And then, once another Morel collector shared with me a photo of his daughter beside a laundry basket full of Morels. The best find he had ever come upon. They were collected, he said, under the dead Elms on the hillside right behind the basket.  And there in the photo, to the left of the daughter, half obscured by the trees was a clear road marker which I immediately recognized as being near the Hunter Mountain Ski Slope in Green County.  I could never bring myself to go there.


As previously mentioned, the actual route I travel to search out Morels will begin with previously productive areas. I then form hypotheses about the routes that connect the spots I will be visiting. A mental calculus is imposed, the logic of which is scaled to weigh the various factors in play between the spots to be visited. How do the geologic formations, the presence and health of indicator trees,  the availability of unposted land, the possibility of avoiding areas other collectors might have visited, the particular weather pattern of this current season (as well as that of the past summer when this year's crop of Morels would have formed their sclerotia)…. all of these interact and suggest a route to be followed, modified of course by the price of gasoline, the availability of  eating establishments along the way, and the reality of the find..  

It is not unusual for Leslie and I to pile into our car and spend the day going from place to place, from one county to the next, across roads with wonderful names, scenic views, bracing hikes, cooling springs and streams, up one side of the Hudson and down the other, stopping off at the chance Antique Store and/or eatery to arrive home exhausted and content with Morels in our baskets, fine food in our bellies, and a plan of attack tor the next year.

But of course, if we had just one place to visit, it would be the path along that Railroad grade, near that limestone outcropping, where the Elms were dying off.  And there in that seep near the Skunk Cabbage is a place that has never failed..


It is not unusual to visit a site either before or after the prime flush has occurred.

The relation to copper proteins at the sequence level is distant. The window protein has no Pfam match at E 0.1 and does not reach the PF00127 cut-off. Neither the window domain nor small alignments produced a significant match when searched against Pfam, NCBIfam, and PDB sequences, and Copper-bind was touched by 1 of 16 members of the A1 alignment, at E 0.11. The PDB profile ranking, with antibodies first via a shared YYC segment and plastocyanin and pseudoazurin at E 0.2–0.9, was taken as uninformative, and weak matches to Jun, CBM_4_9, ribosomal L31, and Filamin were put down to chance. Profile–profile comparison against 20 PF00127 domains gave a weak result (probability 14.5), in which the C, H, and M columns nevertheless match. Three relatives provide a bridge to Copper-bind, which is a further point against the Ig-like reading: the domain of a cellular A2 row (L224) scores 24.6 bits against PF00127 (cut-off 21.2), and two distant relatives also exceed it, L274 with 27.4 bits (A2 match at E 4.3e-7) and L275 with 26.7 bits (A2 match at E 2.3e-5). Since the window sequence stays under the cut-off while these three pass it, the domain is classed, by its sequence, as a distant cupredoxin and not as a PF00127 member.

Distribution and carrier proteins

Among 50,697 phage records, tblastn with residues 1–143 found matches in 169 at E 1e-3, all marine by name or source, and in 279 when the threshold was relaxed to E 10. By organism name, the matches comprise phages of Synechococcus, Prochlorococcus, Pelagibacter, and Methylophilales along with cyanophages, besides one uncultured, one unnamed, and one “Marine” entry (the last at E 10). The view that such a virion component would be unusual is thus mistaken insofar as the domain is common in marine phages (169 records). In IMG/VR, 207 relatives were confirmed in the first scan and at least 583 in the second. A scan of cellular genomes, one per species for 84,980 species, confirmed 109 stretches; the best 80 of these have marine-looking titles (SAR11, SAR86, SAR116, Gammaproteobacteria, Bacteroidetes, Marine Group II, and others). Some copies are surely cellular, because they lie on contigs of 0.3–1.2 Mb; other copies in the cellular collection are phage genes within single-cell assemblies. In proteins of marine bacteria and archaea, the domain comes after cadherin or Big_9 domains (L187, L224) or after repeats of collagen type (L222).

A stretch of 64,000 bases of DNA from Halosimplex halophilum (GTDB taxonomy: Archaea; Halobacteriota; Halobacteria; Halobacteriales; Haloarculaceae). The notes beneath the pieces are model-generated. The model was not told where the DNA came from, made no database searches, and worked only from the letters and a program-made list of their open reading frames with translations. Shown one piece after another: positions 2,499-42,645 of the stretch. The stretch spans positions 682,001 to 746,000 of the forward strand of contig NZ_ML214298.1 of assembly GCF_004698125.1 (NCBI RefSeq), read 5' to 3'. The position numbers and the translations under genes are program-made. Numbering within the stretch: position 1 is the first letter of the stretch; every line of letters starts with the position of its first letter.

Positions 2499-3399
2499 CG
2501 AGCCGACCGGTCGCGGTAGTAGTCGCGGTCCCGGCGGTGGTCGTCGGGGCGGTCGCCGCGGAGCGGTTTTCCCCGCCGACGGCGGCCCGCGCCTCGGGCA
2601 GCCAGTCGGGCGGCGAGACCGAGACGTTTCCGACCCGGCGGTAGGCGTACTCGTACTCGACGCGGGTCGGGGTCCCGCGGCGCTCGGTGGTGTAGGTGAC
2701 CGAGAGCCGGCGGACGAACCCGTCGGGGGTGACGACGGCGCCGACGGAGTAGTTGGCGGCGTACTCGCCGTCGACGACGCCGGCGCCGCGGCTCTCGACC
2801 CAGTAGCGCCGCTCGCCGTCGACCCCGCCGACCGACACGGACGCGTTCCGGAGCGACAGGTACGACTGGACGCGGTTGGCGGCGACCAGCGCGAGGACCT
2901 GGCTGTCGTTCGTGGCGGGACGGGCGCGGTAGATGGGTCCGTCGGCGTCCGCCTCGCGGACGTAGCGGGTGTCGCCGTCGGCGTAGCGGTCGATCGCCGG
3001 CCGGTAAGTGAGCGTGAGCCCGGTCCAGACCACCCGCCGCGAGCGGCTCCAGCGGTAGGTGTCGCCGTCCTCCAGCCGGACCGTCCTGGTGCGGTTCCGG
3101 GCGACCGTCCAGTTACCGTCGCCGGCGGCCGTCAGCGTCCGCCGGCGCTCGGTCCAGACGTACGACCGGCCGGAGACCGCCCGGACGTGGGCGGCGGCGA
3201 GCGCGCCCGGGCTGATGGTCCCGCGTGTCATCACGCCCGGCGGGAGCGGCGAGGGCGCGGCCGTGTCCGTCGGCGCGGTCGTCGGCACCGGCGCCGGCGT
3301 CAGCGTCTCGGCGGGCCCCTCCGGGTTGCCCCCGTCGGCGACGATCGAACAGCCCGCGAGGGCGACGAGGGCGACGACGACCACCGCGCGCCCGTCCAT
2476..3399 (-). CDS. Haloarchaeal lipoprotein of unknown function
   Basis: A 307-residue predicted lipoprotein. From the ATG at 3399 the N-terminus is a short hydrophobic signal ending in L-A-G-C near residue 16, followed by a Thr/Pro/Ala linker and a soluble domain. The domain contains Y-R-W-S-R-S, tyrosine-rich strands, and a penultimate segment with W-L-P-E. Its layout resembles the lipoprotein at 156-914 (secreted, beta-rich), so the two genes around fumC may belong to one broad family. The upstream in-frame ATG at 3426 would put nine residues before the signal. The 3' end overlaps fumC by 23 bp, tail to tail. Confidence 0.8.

Too late usually means too late, but not always.  This year (2008) we had a spell of warm weather in April which moved the season up a week or so in most locations.  I normally move northward and into the higher elevations as the season progresses and did so with great success this season.  By chance however I stopped off at a spot that had previously sent up an early flush only to discover, late in the month, some very fresh, very large morels. 

Visiting a spot too early might lead you to believe it is barren, but a later visit could be very productive.  I can't begin to count the times this has happened to me, finding Morels sometimes on the third visit.

Once on the East Branch of the Delaware river, long after the Hendricksons had come and gone, after the March Browns, the Apple-Green Caddis, the Green Drakes and Turkey season, I passed a stand of Mayapple, the waxy bloom fallen to ground, and crossed the deep shade of the flood plain on my way to try for trout.  The bottom land was full of knee deep fern,Symplocarpus in full standing leaf, and just before the six foot tall corridor of Japanese Knotweed was a young flush of esculenta under the Apple Trees where in the Fall a deer hunter would have his stand. It was not the only time that my creel felt comfortably full before I reached the stream.

Once planned, visit your sites early and often. As Shelly put it "hope, till Hope creates From its own wreck, the thing it contemplates." The worse that can happen is that you might get skunked! 

But then again, that might be a good thing.